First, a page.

Shane Harris of National Journal has a good, short piece about John Brennan’s withdrawal from consideration for CIA director. (Unfortunately, it’s behind NJ’s subscription wall, so I’ll have to use a screencap to pull what I consider the relevant text.)
The nickel version is that CIA people are astonished that criticism from bloggers like Glenn Greenwald over torture drove Brennan out — they mean that derisively — and they worry that it means Obama won’t support the agency’s operators:
I myself equivocated on Brennan, and consider the ultimate test about the guy — who I’d heard described in exactly these torture-opponent terms — to be dependent on a full declassification of how the torture policies actually came together.
But here’s the thing: it’s not inconsistent for Obama to want his intelligence team to represent a clean break from Bush’s, contra the implication of the ex-official who asked if Obama would stand behind CIA operatives when they’re “asked to do tough things.” If Bush dumped Brennan, that would be inconsistent. Obama is under no obligation to continue the Bush administration’s policies — indeed, he was elected to reverse them.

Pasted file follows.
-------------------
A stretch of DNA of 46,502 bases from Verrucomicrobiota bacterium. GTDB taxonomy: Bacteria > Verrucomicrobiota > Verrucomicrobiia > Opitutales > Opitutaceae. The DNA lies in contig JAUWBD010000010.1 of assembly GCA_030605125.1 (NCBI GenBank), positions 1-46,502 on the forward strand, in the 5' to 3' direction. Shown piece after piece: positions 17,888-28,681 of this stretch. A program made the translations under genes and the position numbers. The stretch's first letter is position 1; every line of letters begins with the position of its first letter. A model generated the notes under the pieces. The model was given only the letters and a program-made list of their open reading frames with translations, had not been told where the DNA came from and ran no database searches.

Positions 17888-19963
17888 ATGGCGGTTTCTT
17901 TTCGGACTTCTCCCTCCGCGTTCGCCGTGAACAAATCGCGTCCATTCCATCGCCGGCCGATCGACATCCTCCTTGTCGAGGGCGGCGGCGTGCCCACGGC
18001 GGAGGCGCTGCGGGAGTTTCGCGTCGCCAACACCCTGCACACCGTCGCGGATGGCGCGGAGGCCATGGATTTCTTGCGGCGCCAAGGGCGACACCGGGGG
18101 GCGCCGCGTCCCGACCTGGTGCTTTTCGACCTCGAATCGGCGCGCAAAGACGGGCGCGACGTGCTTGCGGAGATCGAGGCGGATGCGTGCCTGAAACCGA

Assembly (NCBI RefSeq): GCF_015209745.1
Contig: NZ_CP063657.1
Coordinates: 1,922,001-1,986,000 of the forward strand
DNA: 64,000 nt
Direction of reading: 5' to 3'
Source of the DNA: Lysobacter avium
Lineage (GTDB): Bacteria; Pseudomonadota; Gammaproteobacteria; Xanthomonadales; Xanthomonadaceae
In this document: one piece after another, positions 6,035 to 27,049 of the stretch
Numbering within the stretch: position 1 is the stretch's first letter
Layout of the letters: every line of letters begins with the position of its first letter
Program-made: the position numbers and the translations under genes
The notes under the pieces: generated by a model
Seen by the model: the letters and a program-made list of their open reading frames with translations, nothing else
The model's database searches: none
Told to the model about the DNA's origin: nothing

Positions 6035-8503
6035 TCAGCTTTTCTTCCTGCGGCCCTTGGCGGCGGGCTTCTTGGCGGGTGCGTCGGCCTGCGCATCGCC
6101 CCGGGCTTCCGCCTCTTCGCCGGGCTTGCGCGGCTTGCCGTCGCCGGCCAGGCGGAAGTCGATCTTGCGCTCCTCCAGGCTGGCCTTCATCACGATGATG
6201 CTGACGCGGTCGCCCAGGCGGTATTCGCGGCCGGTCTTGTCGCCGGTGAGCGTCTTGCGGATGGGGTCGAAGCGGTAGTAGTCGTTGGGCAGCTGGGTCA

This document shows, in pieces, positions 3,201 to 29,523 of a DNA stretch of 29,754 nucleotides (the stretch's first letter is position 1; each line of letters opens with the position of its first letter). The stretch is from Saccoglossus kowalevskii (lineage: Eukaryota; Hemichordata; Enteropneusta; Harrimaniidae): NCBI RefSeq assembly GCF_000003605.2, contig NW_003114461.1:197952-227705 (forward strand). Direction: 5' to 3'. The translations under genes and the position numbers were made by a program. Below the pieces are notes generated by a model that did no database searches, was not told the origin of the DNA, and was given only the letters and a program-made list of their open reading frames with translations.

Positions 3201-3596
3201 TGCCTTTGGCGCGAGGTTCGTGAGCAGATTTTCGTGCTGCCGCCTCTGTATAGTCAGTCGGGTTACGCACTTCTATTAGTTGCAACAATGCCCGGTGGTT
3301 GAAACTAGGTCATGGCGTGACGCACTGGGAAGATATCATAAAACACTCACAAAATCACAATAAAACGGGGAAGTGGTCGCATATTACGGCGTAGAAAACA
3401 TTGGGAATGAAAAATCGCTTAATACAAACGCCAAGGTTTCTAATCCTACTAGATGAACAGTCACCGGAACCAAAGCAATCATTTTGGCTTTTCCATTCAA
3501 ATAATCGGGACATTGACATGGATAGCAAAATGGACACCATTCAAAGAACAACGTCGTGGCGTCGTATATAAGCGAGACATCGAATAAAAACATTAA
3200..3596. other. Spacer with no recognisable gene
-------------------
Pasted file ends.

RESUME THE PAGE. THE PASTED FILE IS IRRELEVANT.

You can say that it’s not fair for Brennan to be a part of Obama’s team. But it’s groundless to say that it augurs some kind of CIA sellout. The agency, however, lives in fear of this sort of thing, as its history is one of taking the fall for the cockamamie and illegal schemes of presidents. And so this perception is as good as reality — as anyone who’s ever bickered with a spouse over a misunderstanding knows — and Obama’s probably going to have to send a CIA director to Langley with flowers, jewelry and gift certificates to the spa.
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